Ecological diversity methods improve quantitative examination of student language in short constructed responses in STEM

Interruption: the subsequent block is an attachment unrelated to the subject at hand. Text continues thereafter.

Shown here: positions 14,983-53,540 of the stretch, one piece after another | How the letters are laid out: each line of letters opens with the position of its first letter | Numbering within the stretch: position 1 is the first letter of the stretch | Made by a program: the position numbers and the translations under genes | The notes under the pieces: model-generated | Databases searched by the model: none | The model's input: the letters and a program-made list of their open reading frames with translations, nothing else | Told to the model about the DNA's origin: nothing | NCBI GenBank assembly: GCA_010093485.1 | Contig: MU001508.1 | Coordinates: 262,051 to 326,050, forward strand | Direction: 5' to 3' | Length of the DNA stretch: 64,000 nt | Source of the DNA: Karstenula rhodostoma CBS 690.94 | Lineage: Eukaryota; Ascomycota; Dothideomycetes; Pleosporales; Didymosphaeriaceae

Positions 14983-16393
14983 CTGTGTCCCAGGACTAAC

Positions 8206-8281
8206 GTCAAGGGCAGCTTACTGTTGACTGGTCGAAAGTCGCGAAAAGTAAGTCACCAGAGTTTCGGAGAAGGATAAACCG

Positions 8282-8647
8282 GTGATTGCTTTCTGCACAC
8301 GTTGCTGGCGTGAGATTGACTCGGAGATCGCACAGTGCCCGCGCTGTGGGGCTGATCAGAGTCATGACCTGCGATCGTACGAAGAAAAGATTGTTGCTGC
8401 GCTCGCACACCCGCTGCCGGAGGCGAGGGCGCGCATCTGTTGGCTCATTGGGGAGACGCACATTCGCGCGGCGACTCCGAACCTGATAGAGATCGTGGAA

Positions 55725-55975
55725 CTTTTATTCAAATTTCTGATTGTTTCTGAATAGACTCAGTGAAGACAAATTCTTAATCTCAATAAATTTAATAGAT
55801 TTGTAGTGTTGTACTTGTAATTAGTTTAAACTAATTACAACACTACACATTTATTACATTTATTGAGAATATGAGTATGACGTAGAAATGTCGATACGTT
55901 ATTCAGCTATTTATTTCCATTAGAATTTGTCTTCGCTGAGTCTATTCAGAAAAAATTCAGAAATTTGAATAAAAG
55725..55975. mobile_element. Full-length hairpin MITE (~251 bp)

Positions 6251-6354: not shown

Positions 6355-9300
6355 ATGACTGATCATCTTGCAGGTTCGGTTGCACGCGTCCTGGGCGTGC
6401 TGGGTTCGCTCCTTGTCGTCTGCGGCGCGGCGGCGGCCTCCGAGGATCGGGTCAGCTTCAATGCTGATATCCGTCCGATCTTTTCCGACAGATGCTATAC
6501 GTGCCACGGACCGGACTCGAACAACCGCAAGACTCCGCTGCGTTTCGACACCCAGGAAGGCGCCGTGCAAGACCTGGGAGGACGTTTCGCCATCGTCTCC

We novelly applied established ecology methods to quantify and compare language diversity within a corpus of short written student texts. Constructed responses (CRs) are a common form of assessment but are difficult to evaluate using traditional methods of lexical diversity due to text length restrictions. Herein, we examined the utility of ecological diversity measures and ordination techniques to quantify differences in short texts by applying these methods in parallel to traditional text analysis methods to a corpus of previously studied college student CRs. The CRs were collected at two time points (Timing), from three types of higher-ed institutions (Type), and across three levels of student understanding (Thinking). Using previous work, we were able to predict that we would observe the most difference based on Thinking, then Timing and did not expect differences based on Type allowing us to test the utility of these methods for categorical examination of the corpus. We found that the ecological diversity metrics that compare CRs to each other (Whittaker’s beta, species turnover, and Bray–Curtis Dissimilarity) were informative and correlated well with our predicted differences among categories and other text analysis methods. Other ecological measures, including Shannon’s and Simpson’s diversity, measure the diversity of language within a single CR. Additionally, ordination provided meaningful visual representations of the corpus by reducing complex word frequency matrices to two-dimensional graphs. Using the ordination graphs, we were able to observe patterns in the CR corpus that further supported our predictions for the data set. This work establishes novel approaches to measuring language diversity within short texts that can be used to examine differences in student language and possible associations with categorical data.